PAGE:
I would rather be free and have to defend this freedom than in a world
    where everyone is beaten into submission for the sake of peace. This is
    what it all boils down to. Only in heaven will there be true peace with freedom. Never in this world.

  • zeev kirsh

    ive been reading your blog for so many years already. some of your articles are great and you generally avoid topics covered by yves smith at nakedcapitalism. she is a hippy fucking moron. this post and the links that it lead to are so incompetently filled with the type of hippy idiocy that never achieves its outspoken goals, that i’m either led to believe it is written by military counter psychological operations as propoganda used to create noise or distraction in the debate about fiscal responsibility OR I am led to believe that even relatively conservative soapbox’s like this blog can be virally infected with the assinine stupidity of the left.

    the best argument for allowing military spending to go unchecked , is the banal platonism drivel written in these ‘signed’ letters. ‘moratorium’ on military spending. are you fucking kidding me???!??!?!?!?!?!? youre endorsement of this absolute stuipdity angers me enough to write on your oh so amazing blog ( thank you for writing for years!)——because I have liked this blog enough to keep coming back and then you dump this stupid shit.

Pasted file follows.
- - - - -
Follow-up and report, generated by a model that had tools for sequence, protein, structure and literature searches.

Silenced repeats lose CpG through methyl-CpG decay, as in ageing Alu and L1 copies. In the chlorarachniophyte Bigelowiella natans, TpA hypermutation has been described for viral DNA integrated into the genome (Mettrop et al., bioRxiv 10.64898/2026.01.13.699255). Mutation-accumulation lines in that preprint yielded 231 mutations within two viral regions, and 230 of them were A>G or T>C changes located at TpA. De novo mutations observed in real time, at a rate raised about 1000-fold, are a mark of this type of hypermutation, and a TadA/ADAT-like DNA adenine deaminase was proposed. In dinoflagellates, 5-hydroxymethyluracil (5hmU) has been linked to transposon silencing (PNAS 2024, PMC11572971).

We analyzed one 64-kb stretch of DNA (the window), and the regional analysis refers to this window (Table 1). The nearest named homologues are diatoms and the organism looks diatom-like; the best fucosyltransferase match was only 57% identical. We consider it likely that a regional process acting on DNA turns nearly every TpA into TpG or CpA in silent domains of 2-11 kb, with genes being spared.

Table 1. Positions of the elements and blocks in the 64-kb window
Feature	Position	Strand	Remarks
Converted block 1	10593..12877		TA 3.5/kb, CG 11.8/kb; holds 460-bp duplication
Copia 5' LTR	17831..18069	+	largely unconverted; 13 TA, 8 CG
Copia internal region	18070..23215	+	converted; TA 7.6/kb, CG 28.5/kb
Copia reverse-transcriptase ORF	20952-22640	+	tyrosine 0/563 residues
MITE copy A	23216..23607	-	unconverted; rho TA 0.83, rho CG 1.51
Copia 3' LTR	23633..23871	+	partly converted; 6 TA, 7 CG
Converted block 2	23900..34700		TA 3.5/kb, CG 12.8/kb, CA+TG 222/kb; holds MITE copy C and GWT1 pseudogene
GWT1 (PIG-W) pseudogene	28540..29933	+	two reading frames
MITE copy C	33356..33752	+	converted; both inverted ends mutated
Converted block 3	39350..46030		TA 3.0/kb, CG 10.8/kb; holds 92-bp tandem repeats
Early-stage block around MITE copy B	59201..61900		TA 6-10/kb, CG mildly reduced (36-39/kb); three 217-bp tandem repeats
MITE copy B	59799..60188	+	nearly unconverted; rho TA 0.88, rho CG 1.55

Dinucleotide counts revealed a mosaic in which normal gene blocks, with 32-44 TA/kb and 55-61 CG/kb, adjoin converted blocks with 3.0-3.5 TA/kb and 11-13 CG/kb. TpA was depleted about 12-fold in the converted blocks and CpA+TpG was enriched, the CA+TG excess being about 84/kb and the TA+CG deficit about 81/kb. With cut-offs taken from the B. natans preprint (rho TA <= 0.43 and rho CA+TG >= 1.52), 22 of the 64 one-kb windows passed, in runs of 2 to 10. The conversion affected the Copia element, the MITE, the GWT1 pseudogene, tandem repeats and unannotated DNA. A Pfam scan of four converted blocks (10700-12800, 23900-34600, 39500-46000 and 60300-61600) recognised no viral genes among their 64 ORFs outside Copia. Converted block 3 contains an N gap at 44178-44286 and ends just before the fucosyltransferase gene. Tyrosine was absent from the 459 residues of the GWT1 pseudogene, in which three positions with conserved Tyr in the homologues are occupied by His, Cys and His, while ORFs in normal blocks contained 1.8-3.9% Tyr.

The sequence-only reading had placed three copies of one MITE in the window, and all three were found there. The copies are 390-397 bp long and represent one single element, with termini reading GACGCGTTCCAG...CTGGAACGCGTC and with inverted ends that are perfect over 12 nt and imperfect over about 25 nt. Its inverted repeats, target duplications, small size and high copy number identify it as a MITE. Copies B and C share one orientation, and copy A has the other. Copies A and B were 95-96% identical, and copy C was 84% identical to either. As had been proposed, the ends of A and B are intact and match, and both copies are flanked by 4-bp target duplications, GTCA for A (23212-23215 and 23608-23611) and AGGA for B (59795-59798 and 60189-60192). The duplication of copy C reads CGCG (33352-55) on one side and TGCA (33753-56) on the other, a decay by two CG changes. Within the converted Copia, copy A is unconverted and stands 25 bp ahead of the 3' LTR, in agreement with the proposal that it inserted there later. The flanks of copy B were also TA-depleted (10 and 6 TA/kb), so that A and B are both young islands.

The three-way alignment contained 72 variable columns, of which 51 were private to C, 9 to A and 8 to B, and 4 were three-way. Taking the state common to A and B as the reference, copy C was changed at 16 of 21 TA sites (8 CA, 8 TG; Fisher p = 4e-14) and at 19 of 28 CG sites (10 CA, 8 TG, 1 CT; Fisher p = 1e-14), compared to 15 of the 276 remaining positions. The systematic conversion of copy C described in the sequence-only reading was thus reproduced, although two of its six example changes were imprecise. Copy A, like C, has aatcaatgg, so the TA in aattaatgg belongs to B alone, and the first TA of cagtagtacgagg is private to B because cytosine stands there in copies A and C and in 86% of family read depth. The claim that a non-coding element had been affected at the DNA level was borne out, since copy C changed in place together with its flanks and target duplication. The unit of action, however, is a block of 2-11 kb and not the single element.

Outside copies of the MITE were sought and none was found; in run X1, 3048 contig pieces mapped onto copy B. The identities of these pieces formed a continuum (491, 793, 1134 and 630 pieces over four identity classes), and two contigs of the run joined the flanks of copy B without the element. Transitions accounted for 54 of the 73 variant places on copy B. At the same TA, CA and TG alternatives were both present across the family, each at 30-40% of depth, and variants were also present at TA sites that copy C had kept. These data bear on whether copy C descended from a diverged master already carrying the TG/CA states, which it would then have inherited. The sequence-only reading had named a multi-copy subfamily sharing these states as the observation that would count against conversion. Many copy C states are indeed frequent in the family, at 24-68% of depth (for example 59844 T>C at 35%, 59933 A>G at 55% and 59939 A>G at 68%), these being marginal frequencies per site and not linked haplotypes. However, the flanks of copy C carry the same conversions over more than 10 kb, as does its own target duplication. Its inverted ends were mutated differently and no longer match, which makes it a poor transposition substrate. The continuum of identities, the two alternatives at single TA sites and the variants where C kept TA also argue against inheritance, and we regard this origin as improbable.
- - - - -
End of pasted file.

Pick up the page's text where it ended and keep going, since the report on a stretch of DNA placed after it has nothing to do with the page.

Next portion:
Please do not reply and engage me in debating financial responsibility. that topic is too sacred to even poison it with a discussion of HOW COMPLETELY STUPID PACIFISTS ARE AND HOW VERY MUCH THEY ARE SHEEPLE THAT PREVENT SOLVING OF REAL PROBLEMS VIA DEBATE DILUTION. please, just take this entire endorsement off your blog for fuck sake. i’m not even asking you to recant and declaim the stupidity of the ‘peace-niks’, who never in a thousand years will be able to have 1% the chance of stopping a war as a well reasoned citizen who votes and is involved in the real world around them. a little knowledge can be a dangerous thing. these peace prove that it is easy to suck other willing useful idiots into their own cause by sparkling a few truths amidst a general outlook of total lunacy.